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BYU: Can you age out of exercise?

By Sydney Springer - Special to the Daily Herald | Jun 4, 2022

Courtesy BYU

Jessica Collins running an exercise bike test on a subject.

The sun blazed down on the sidewalk of Provo’s Center Street as community members pounded the pavement to the finish line. The marathon had started before the sun had even risen, and amongst the clumps of college students was an older gentleman dressed in bright yellow. He finished in under five hours.

While completing a 26.2-mile race is impressive at any age, stamina dramatically decreases as the decades of life accumulate. How did this grandfatherly figure finish before runners that were a quarter of his age?

“It’s all about sustainability,” BYU masters student Jessica Collins explains. She teamed up with Jayson Gifford, BYU Exercise Science professor, to figure out and quantify why endurance performance decreases with age.

In the body, there is a threshold — called the critical power or critical speed threshold — where the intensity of a workout becomes too much for the body, resulting in pain, fatigue and even sometimes injury. They discovered that the threshold, regardless of athletic ability and training, becomes lower and lower with age.

The average individual stops prioritizing exercise as work and family demands busy their schedules, but Collins and Gifford found that even master class athletes followed the same patterns. At age 30, an individual may successfully run marathons, but by the time they reach 60 or 70, walking up and down the stairs may be over their critical power threshold.

Courtesy BYU

Jessica Collins testing herself on the exercise bike.

“Even in the best possible scenario for aging, everything goes downhill,” Gifford explains.

For Collins’ master’s thesis, she wanted to test the boundaries of the critical power threshold. Participants aged 18 to 35, who weren’t currently endurance exercising, were brought in to train on bikes three times a week for eight weeks. Their critical power threshold was measured before and after the eight-week period. The training consisted of two types of exercise programs: moderate intensity continuous training (MICT) and high intensity interval training (HIIT). MICT is what the joggers around Provo are doing, getting exercise without overly exhausting themselves. HIIT consists of timed intervals of MICT alternated with faster or harder endurance exercise. For example, biking at a steady pace for a period of time, biking faster for a few minutes, and returning to the lower intensity to recover before repeating the cycle.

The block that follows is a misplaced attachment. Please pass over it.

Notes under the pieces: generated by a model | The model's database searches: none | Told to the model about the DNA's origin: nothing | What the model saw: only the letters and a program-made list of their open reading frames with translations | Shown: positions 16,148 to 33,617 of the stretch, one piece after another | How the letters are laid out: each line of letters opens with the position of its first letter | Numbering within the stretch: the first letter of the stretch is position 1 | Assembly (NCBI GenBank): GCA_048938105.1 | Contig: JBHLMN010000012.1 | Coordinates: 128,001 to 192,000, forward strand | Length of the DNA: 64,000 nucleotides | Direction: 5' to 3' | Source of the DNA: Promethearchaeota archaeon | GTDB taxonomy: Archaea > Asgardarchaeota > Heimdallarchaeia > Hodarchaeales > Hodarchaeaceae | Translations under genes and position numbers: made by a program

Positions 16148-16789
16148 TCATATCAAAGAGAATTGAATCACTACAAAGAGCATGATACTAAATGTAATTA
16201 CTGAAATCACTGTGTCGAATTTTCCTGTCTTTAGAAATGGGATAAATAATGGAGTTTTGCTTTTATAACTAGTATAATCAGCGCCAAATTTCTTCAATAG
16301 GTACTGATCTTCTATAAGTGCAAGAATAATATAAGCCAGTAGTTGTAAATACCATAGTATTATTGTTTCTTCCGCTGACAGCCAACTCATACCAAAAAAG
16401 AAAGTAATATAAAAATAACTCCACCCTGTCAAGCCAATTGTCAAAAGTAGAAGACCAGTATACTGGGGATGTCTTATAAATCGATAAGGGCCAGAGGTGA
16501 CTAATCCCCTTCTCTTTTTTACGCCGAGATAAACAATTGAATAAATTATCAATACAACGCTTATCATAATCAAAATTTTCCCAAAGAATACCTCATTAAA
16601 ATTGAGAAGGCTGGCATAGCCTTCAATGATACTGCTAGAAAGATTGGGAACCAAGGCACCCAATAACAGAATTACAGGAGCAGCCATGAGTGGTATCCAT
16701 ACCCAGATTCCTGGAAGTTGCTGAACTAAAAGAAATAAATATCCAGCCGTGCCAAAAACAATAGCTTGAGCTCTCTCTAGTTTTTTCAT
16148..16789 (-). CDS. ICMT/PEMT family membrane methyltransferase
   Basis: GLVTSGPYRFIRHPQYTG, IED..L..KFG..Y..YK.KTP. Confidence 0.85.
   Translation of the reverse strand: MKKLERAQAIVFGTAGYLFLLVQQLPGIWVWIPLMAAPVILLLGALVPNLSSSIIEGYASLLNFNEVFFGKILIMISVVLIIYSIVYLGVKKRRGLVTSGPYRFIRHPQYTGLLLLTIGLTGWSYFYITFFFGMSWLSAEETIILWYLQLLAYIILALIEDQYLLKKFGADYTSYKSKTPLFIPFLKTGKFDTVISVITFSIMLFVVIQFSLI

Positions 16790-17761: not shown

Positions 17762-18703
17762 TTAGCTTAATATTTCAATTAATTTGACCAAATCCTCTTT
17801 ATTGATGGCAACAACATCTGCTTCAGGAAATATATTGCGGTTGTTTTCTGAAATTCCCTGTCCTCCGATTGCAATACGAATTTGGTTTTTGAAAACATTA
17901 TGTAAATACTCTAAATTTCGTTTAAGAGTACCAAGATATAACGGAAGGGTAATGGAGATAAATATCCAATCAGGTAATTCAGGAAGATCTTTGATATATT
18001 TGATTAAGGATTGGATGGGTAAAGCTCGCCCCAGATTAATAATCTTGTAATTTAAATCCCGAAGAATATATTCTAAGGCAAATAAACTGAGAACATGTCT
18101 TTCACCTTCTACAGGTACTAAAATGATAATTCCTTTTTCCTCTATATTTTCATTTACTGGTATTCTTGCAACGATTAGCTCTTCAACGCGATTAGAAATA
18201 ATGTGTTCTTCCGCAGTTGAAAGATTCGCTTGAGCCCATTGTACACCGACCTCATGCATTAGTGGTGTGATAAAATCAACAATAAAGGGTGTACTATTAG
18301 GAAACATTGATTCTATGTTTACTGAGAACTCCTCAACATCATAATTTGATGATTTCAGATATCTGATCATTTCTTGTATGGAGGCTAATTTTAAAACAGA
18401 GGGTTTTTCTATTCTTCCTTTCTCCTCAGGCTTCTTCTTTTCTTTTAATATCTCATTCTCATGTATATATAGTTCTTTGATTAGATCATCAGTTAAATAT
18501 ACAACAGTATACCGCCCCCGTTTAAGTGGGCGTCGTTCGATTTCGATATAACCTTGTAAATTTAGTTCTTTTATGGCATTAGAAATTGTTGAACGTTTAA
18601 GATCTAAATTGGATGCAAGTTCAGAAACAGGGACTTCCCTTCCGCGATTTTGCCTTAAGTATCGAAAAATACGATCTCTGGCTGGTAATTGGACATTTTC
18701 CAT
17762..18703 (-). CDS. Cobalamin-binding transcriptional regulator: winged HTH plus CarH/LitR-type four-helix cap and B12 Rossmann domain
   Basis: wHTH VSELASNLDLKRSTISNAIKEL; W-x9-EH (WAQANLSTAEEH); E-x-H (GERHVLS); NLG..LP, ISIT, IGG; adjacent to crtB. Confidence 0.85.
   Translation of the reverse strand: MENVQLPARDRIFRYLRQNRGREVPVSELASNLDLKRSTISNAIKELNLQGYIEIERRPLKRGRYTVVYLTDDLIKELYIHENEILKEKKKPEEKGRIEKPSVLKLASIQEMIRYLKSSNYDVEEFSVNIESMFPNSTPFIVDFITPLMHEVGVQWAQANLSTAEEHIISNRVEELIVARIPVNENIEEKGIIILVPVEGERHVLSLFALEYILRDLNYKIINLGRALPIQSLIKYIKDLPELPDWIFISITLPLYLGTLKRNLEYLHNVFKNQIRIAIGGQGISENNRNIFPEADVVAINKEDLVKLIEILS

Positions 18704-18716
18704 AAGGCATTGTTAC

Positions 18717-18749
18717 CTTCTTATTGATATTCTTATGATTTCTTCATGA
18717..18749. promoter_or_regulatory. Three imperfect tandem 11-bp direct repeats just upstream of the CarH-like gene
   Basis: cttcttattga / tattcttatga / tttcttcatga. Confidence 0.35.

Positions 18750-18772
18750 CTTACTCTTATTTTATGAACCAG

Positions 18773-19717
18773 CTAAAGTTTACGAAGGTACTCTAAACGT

“We wanted to see which of these common programs improved the threshold more,” Collins said. “And we found that high intensity interval training actually almost doubled the increase in the critical power threshold.”

For individuals looking to increase their personal critical power thresholds, Collins recommends adding some HIIT to their workout — although you gain health benefits from any form of exercise. She suggests starting with current comfort levels, then work up the intensity a few times a week.

“There’s a lot on social media about exercise and diet,” Collins said. “And it’s not so black and white. There’s so much gray area, and there’s so much that we don’t know.”

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